Takeaways from #MeToo On Campus

  • March 29th, 2019
  • Blog

We were delighted to welcome so many of you to our conference with Westminster Briefing ‘#MeToo on Campus: Ending Sexual Misconduct in UK Universities’. Our panels provided some fascinating dialogues, and opportunity to reflect on responses to into institutional responses to the movement,  as well as shared best practice procedures and ways to support survivors in universities. To paraphrase GenPol CEO Lilia Giugni’s opening words:”Beyond critically reviewing what has been done so far on this issue” we came together to identify how initiatives can be incorporated into policy for on sexual misconduct on campus.”

Our excellent Comms Team took to twitter to document the day, where you can find some of the main takeaways from our superb array of speakers. Broadly speaking, the conference pointed towards a pressing need to address the normalisation of sexual violence in university culture, as well as providing better provisions to support and aid survivors within the system. As Professor Janice Kay, Provost and Senior Deputy Vice-Chancellor at the University of Exeter put to the audience in her opening panel: ‘We live in a society in which sexual harassment against women is normalised systematic issue. The focus of this work had to be on pushing back on harassment against women, changing social norms. We must have public spaces which are safe.” As Janice pointed out, universities are forgetting where students have come from which is a structured secondary school system. clearer guidelines and disciplinary procedures are needed to help support this transition, and to make it easier and clearer for students to disclose.

However, Dr Nina Burrows rightly highlighted that part of reforming this culture of disclosure requires the creation of better systems for survivors, as ‘there are not enough trauma experts to help one-on-one the number of people who have been through [sexual violence]’. The creation of what speakers largely referred to as a ‘culture of sexual respect’ must be mindful (and inclusive) of a range of voice and perspectives, and seek to empower and inform all students who come through universities. Interventions by University UK, Good Lad InitiativeHollaback! among others gave us some vital food for thought to consider innovative ways in which to do this.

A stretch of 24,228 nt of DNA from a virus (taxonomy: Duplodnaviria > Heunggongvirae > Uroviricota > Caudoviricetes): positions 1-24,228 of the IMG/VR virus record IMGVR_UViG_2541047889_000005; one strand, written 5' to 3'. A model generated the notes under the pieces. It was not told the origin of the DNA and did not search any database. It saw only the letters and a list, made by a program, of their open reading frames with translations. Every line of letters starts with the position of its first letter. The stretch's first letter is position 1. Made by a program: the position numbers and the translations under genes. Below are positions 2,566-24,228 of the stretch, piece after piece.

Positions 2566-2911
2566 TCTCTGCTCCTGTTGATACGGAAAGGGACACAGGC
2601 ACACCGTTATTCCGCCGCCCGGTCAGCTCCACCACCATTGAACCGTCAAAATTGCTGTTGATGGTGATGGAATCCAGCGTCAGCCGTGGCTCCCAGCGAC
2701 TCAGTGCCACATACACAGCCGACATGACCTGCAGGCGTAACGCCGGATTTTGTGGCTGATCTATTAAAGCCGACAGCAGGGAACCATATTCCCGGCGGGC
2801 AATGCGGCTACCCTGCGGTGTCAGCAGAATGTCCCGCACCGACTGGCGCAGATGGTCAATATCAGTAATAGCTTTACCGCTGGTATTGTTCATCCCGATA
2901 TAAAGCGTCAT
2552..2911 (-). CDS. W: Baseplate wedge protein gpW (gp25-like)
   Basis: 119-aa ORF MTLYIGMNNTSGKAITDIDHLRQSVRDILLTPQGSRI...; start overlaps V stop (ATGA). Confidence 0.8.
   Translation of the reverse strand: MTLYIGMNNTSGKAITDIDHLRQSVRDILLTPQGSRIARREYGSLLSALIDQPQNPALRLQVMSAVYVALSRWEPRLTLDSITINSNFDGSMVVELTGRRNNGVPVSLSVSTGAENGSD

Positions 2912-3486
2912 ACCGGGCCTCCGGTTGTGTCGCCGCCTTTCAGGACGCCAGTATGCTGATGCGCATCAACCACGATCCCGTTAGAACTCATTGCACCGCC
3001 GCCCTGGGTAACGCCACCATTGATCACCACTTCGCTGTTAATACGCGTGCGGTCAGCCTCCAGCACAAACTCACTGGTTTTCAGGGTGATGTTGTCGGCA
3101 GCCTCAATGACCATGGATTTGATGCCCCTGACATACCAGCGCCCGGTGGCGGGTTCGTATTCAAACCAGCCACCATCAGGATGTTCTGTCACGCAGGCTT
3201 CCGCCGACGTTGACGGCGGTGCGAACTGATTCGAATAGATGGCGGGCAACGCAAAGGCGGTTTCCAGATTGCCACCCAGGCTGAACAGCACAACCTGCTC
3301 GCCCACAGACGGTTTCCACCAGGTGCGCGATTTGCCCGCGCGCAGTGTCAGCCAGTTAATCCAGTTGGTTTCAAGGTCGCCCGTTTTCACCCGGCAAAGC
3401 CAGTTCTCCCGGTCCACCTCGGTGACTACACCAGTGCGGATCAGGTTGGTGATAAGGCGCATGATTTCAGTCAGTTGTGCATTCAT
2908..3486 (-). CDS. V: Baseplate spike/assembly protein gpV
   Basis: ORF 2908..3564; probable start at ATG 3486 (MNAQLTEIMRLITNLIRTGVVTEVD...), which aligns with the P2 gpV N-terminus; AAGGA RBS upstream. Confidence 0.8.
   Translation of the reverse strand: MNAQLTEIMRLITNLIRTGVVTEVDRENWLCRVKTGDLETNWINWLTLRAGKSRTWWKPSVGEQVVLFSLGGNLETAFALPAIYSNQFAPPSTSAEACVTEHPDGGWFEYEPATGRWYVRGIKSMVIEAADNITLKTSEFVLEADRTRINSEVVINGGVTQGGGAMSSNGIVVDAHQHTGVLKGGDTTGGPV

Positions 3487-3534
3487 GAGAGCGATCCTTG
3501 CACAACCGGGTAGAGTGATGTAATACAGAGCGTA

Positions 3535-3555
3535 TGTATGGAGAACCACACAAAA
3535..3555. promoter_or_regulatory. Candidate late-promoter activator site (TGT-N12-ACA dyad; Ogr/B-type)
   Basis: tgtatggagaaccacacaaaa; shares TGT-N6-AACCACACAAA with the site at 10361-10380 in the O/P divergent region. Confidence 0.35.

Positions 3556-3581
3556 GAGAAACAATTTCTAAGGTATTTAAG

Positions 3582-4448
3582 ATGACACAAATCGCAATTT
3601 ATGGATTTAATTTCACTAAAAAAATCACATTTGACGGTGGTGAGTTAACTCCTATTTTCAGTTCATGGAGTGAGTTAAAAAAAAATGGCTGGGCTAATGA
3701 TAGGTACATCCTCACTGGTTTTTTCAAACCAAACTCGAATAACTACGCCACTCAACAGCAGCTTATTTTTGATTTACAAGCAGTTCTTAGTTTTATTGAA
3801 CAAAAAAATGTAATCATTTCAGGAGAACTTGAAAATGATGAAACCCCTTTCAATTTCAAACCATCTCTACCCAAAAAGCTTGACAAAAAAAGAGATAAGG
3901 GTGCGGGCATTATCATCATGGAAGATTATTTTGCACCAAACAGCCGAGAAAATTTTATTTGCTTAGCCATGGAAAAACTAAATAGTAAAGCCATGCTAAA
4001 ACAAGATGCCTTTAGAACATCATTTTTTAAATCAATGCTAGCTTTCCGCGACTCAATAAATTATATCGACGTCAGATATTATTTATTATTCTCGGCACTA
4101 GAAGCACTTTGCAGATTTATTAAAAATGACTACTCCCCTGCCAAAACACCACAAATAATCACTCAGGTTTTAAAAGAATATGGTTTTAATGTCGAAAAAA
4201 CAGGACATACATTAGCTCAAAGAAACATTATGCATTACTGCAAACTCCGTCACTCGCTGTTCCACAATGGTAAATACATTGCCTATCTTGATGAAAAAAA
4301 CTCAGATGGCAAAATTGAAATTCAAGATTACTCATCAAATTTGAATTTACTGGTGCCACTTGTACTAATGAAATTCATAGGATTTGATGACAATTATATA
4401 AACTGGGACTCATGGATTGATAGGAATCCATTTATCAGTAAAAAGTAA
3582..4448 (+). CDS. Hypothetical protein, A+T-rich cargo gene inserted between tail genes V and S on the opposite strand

Ultimately, although conversations surrounding sexual violence can (and should) be infuriating and depressing, an excellent day of exchanges, contributions and showcasing best practices left us hopeful and optimistic for all of the vital reforms that are underway. We are excited to see what new findings will emerge at our next event ‘MeToo on Campus, Manchester: Next Steps for Universities’ on May 22nd.  We would love to see as many of you there as possible, so don’t forget to register!

The GenPol Team

How Violence Disempowers Women: Spotlight on Mexico City

  • March 14th, 2019
  • Blog

At present, there are about 45 civil wars going on across the globe. 10 out of these 45-armed conflicts alone have resulted in over 1,000 fatalities. Whilst these figures might not be entirely surprising, we rarely stop to think about how violent conflict can act as an impediment to gender equality. Nor do we think about its impact on female labour force participation through fear, or the lack of public transportation usage due to neighbourhood distrust. The Sustainable Development Goal 5 have identified the need to ‘enhance women’s ability to participate in intra-household decision-making processes’ as one of the necessary factors needed to achieve gender equality by 2030. In order to do this, I suggest we need to look closer in to the impact of precarious living conditions on female decision-making power.

Gender equality begins at a micro-level of society: in the home. The ability to participate in intra-household decision-making empowers women by increasing their standing and significance within the family. It also provides them with a medium for expression in issues that affect their lives. Drawing on the example of the ongoing Mexican Drug War, I examine the ways in which such a socially distorted environment impacts home and day to day life, and how that can influence the relative decision-making power of a woman.